11.5. The Tocotrienol-Rich Fraction (TRF) from Palm Oil May Be Beneficial in Both Prediabetes and T2D and in Preventing Early Diabetic Retinopathy

Evidence from a randomized double-blind placebo-controlled clinical trial (the Vafa study) in T2D subjects with poor glycemic control shows that the tocotrienol-rich fraction (TRF) from palm oil (200 mg daily) for eight weeks lowered fasting blood glucose levels by 15% and improved indices of OxS [72]. An earlier study (the Baliarsingh study) in adult T2D subjects did not show any benefit of tocotrienols (60 days, 3 mg/kg body weight, twice daily) on fasting blood glucose, but these subjects had well-medication-controlled blood glucose levels at the start of the trial [73]. This earlier study did, however, show a marked decrease in atherogenic low-density lipoprotein cholesterol levels in the subjects taking the tocotrienol supplement. In both the Baliarsingh et al. study and the Vafa et al. study, the palm oil TRF was predominantly alpha-T3OH, beta-T3OH, gamma-T3OH, and RRR-alpha-TOH with only a small content (about 4–8%) of delta-T3OH. The low content of delta-T3OH in the TRF is noteworthy since delta-T3OH may be uniquely important in preventing T2D progression, as detailed below.

A recent study by Ho, et al. [74] showed that TRF (200 mg twice daily for 12 months) was effective in preventing early diabetic retinopathy compared to a placebo. Diabetic retinopathy is a very common microvascular complication of T2D and makes a major contribution to blindness and vision loss in adults [74].

11.6. Delta-Tocotrienol Shows Promise in Treating Prediabetes

Treatment options for prediabetes are limited, especially in the pediatric population [75]. Encouragingly, a recent randomized controlled pilot study looked at the effects of T3 purified from annatto seeds: this preparation was primarily delta-T3OH (90%) and 10% gamma-T3OH [76]. The prediabetic adult study population was not being treated with any medications for glucose control or taking any dietary supplements. After 12 weeks of 300 mg/day of T3s, there were significant improvements in glycemic control compared to the controls taking a placebo [76]. T3s are thought to improve glycemic control by upregulating the skeletal muscle expression of GLUT4, insulin receptor substrate 1, AKT signaling, and by activation of peroxisome proliferator-activated receptor-gamma (PPAR-gamma) [76][77].

12. Vitamin C (L-Ascorbate or AA) and Its Role in T2D Progression and Management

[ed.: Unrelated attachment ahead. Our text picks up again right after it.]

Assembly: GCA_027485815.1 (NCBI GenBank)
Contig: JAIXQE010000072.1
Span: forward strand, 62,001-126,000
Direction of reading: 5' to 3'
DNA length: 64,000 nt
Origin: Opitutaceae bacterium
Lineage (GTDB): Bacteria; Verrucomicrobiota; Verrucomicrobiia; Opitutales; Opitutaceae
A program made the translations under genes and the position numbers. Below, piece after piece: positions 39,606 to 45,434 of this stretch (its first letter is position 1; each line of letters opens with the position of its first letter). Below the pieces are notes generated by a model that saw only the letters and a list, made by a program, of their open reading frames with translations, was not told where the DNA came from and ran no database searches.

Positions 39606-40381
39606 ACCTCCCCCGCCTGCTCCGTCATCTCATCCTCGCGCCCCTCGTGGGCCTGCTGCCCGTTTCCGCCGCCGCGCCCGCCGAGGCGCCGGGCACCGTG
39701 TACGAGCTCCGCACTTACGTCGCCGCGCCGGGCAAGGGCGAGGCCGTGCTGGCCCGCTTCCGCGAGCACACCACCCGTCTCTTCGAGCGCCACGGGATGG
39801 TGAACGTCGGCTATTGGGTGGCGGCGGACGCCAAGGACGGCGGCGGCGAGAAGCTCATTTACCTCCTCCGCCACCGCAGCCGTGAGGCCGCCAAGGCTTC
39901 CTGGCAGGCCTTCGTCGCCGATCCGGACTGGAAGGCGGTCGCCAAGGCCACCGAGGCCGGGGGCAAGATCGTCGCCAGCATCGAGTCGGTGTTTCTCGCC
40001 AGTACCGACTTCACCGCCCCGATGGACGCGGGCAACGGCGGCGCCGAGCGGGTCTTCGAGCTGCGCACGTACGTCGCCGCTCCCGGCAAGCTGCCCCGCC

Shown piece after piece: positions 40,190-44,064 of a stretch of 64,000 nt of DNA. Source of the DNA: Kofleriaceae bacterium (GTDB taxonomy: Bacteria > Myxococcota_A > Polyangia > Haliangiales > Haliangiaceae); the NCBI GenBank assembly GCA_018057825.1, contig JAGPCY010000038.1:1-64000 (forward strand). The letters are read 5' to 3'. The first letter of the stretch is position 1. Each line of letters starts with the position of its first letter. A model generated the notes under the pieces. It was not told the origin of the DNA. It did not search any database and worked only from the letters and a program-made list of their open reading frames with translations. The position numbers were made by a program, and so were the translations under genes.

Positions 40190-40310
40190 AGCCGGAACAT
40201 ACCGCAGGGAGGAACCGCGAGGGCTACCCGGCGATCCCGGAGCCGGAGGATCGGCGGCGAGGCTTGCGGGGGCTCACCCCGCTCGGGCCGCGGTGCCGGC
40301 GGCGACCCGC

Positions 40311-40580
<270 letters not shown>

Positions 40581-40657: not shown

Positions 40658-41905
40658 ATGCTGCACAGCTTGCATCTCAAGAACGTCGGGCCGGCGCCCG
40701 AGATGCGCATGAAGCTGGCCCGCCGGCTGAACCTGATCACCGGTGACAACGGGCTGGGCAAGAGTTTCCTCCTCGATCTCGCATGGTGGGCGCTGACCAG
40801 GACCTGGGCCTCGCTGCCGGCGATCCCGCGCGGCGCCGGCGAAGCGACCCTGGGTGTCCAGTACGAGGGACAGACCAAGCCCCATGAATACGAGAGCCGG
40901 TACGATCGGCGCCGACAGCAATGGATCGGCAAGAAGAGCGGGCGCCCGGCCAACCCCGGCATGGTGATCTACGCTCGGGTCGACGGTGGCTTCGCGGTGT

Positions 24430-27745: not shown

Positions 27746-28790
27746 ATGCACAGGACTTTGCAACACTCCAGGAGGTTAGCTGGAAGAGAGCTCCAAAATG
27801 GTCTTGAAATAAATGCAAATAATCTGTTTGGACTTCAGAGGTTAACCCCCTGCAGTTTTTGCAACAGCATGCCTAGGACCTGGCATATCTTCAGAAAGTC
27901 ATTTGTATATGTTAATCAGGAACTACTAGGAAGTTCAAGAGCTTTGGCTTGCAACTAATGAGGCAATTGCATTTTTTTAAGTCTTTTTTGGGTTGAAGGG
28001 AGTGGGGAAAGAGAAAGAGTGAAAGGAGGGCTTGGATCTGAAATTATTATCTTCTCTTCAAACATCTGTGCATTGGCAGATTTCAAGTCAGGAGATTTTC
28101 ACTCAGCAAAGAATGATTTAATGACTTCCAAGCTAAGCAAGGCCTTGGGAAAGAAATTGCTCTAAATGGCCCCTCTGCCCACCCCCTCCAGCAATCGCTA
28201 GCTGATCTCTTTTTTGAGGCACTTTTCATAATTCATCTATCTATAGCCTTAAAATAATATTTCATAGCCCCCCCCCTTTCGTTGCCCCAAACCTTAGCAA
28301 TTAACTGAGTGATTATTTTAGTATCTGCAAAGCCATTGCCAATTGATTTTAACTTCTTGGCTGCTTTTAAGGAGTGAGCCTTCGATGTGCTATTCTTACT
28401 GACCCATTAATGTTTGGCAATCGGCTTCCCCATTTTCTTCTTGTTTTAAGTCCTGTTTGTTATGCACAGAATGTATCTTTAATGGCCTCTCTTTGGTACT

Vitamin C is a water-soluble antioxidant present in plasma and tissues. As detailed below, vitamin C status and vitamin C supplementation play potential roles in T2D progression and management [78][79][80][81][82][83][84][85]. The molecular mechanisms for the protective effects of vitamin C on T2D are not fully understood but inhibition of mitochondrial OxS is a probable candidate (see Figure 4). As discussed further below, Vitamin C may also reduce the chronic low-grade inflammation associated with promoting T2D progression [86].

Figure 4. Vitamin C protects mitochondria from reactive oxygen species (ROS). Oxidized vitamin C (DHA, as shown in Figure 5) is transported from the cytoplasm into the mitochondrial matrix by GLUT1, where it is reduced to ascorbate (AA, as shown in Figure 5) where it blocks mitochondrial OxS by reducing the levels of ROS such as superoxide, hydrogen peroxide, and hydroxyl radicals. Reduced mitochondrial OxS may be an important mechanism for combating insulin resistance.

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Figure 5. Vitamin E recycling by Vitamin C. Alpha-tocopherol (alpha-TOH) quenches lipid peroxidation by converting lipid peroxyl radicals (LOO*) to lipid hydroperoxides (LOOH) with the formation of alpha-tocopheroxyl radicals (alpha-TO*). The reduced form of vitamin C (AA), can recycle alpha-TO* back to alpha-TOH with the formation of oxidized vitamin C (DHA). Increased lipid peroxidation is associated with T2D progression (see text).

12.1. Vitamin C Protects Mitochondria from Oxidative Stress

Figure 4 illustrates a possible mechanism whereby L-ascorbate (AA) supplementation could promote glycemic control. At pH 7.4, vitamin C is primarily present as the mono-anion as indicated in Figure 5 [87]. Outstanding in vitro work by Sagun et al. [88] has shown that DHA enters mitochondria, via the facilitative D-glucose transporter GLUT1, where it is reduced to AA and protects mitochondria from OxS damage. In oxidatively stressed purified mitochondria, AA was found to reduce the levels of H2O2, O2* , and *OH (the hydroxyl radical) [88]. As discussed above (see Section 4), mitochondrial OxS is a key factor promoting reduced glycemic control and T2D progression (also see Figure 3). In vitro and ex vivo studies have demonstrated that mitochondrial OxS causes insulin resistance by impairing insulin-regulated GLUT4 translocation to the surface of myotubes (fused skeletal muscle cells) and adipocytes (see Sections 3 and 4 above) [18].